How Two Friends Can Save Money by Sharing a Home, Expenses and a Plan
In Alberta, two women we’ll call Virginia and Elora, both 53, have shared a home for 30 years. They have successful careers in telecom management and healthcare administration and are weighing the timing and the style of their retirement, with a target age of 57 for leaving their work behind.
In a financial sense, Virginia and Elora are not just sharing a house. They keep their finances separate but share expenses, save on living costs and make their future plans together.
Living together and saving living costs has helped them generate their substantial assets
Their incomes are not equal, for Virginia earns far more in her telecom job than Elora, but in planning ahead they can increase both their income and their security in retirement. They are well-prepared, for Virginia is in a company pension plan that will pay her $75,000 a year before tax if she retires at 55 or later. They also have $905,500 in cash and various investments.
Yet they are not sure they are ready to pull up the anchors of their careers and take off and hit the road in a $125,000 motorhome they want to buy. After all, what could be four decades of roaming allows a lot of financial uncertainties to wreck plans.
“The big issue we need to understand is when we can retire with security,” Virginia says. “We don’t want to act prematurely. Nor do we want to act dishonestly.”
Since they are not a conjugal couple in the eyes of the Canada Revenue Agency, they don’t qualify for tax breaks that married or common law couples are entitled to. But there are financial advantages to sharing a home and living expenses, says Derek Moran, head of Smarter Financial Planning Ltd. in Kelowna, B.C., who Family Finance asked to help Virginia and Elora with their retirement goals.
“Living together and saving living costs has helped them generate their substantial assets,” he says. “As well, they plan to continue the intrinsic financial advantages of sharing costs in retirement. It is an interesting case about the financial advantages of friendship.”
In terms of readiness for retirement, they are well prepared, Mr. Moran says. In their mid-fifties with ample income, Virginia and Elora have done a good job of putting together both taxable, TFSA and RRSP accounts. Virginia has been the guiding hand, assembling assets over time. She and Elora have never used investment advisors, choosing instead to do research herself based on study of the financial press and use of online data. She and Elora maintain and trade their separate accounts online.
It has been a successful process, building capital gains of about 6% a year on average on top of dividends averaging 4% a year. There have been losses in a few resource companies, but they have been more than made up for by gains on chartered banks, telecoms and balanced mutual funds. Their gains have been methodical if not consistent, given the downturns in markets in 2000 and 2008, but they have built wealth on top of the company pension Virginia expects and the government pensions — OAS and CPP — both will receive.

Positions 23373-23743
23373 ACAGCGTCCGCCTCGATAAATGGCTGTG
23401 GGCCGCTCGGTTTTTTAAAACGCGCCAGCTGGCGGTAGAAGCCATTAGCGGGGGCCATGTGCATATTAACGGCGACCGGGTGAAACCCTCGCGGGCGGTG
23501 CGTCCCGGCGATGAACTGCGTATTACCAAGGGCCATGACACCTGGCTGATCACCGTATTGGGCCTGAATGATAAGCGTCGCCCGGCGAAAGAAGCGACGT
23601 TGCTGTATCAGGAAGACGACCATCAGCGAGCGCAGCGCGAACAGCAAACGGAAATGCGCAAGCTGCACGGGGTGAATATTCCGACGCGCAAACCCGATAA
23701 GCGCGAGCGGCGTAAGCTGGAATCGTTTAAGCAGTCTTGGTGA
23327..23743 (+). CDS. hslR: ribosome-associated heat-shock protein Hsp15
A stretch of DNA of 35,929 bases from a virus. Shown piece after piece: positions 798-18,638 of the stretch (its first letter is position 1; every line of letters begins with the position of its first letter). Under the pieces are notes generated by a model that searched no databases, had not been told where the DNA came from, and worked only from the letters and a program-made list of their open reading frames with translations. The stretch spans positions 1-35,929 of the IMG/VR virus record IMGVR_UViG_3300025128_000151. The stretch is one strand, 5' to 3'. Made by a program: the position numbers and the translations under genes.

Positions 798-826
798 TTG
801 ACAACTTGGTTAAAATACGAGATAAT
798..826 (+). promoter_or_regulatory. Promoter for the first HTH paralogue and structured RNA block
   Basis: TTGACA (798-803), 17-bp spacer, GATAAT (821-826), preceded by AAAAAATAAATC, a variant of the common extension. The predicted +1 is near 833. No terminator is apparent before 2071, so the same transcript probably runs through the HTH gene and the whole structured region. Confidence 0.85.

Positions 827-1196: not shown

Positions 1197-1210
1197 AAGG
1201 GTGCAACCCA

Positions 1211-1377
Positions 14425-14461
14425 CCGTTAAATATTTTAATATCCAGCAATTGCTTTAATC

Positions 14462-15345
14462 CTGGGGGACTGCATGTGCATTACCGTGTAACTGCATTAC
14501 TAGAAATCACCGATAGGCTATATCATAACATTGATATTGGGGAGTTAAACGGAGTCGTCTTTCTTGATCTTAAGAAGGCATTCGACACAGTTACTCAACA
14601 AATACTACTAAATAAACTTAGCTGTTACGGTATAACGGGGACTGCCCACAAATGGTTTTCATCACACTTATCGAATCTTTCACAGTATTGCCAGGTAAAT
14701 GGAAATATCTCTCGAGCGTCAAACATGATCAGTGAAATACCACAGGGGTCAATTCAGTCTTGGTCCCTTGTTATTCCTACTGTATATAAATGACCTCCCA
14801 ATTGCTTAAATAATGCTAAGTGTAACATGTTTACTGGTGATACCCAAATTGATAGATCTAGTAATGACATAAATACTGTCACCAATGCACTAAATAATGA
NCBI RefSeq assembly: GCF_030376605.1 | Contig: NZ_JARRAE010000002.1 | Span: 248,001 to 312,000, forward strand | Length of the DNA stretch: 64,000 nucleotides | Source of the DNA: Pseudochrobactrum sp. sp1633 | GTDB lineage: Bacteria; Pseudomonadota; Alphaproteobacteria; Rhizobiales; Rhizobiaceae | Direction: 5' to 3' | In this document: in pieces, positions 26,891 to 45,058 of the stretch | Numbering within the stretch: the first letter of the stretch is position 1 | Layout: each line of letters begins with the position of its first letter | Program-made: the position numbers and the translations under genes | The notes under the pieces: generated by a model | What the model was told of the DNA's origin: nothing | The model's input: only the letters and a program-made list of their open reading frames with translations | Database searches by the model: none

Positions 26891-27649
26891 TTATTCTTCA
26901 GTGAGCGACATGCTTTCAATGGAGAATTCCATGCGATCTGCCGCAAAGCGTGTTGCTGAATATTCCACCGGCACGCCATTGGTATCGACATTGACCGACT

It comes down to a question of need for gains. Apart from spending $9,600 a year on travel, there is nothing in their spending that could be considered lavish. Frugality got them to their present state of security and it will see them through retirement. Thus there is no justification for elevating the risk level of their portfolio, Mr. Moran says.
For now, the women, with Virginia’s guidance, have been successful investors. They should keep doing what works, Mr. Moran suggests.
In the four years to the time when both women plan to retire completely, they should continue monthly savings of $5,000 to non-registered savings and $666 to Elora’s RRSP. Their present RRSPs total $222,000. If they continue to add $8,000 a year to registered savings and grow it at 3% over the rate of inflation, the registered accounts should rise to $283,000 in four years. If they also add $60,000 a year to $558,500 of non-registered and TFSA accounts, as they are doing, and grow those balances at the same 3% rate over inflation, they would have about $880,000 in four years at the eve of their retirement. They should leave their RRSPs to grow until they take money out of their RRIFs when each is 72, Mr. Moran suggests, spending income from the non-registered portfolio as needed.
This strategy will give them $75,000 of pre-tax income from Virginia’s company pension, payable as early as age 55, from age 57 to 65. They will also have potential taxable income of $26,400 a year at 3% a year from non-registered savings.
It would be easy to resent the women’s affluence, but this is what happens when hard work is accompanied by diligent savings and frugal living.
From age 65 onward, they will have the $75,000 company pension, two Canada Pension Plan cheques of an average of 86% of the maximum $11,840 benefit, or about $20,400, two Old Age Security benefits of $6,540 each and a potential draw of as much as $42,400 from non-registered savings if they choose to withdraw at a rate at which all capital will be exhausted at age 90. They could add $13,600 from registered savings for total income of about $164,400 a year before tax in 2012 dollars.
Virginia, who will have the larger share of income, will face the OAS clawback, which, in 2012, starts at $69,562. If her annual income is $100,000, she would lose about $4,600. After 25% average tax, the two women would have $9,150 to spend each month, far more than they spend now if savings, $5,666 a month, are taken out of the picture.
“It would be easy to resent the women’s affluence, but this is what happens when hard work is accompanied by diligent savings and frugal living,” Mr. Moran says. “Even if inflation eats up some if Virginia’s unindexed company pension, they will remain affluent in retirement.”
(C) 2012 The Financial Post, Used by Permission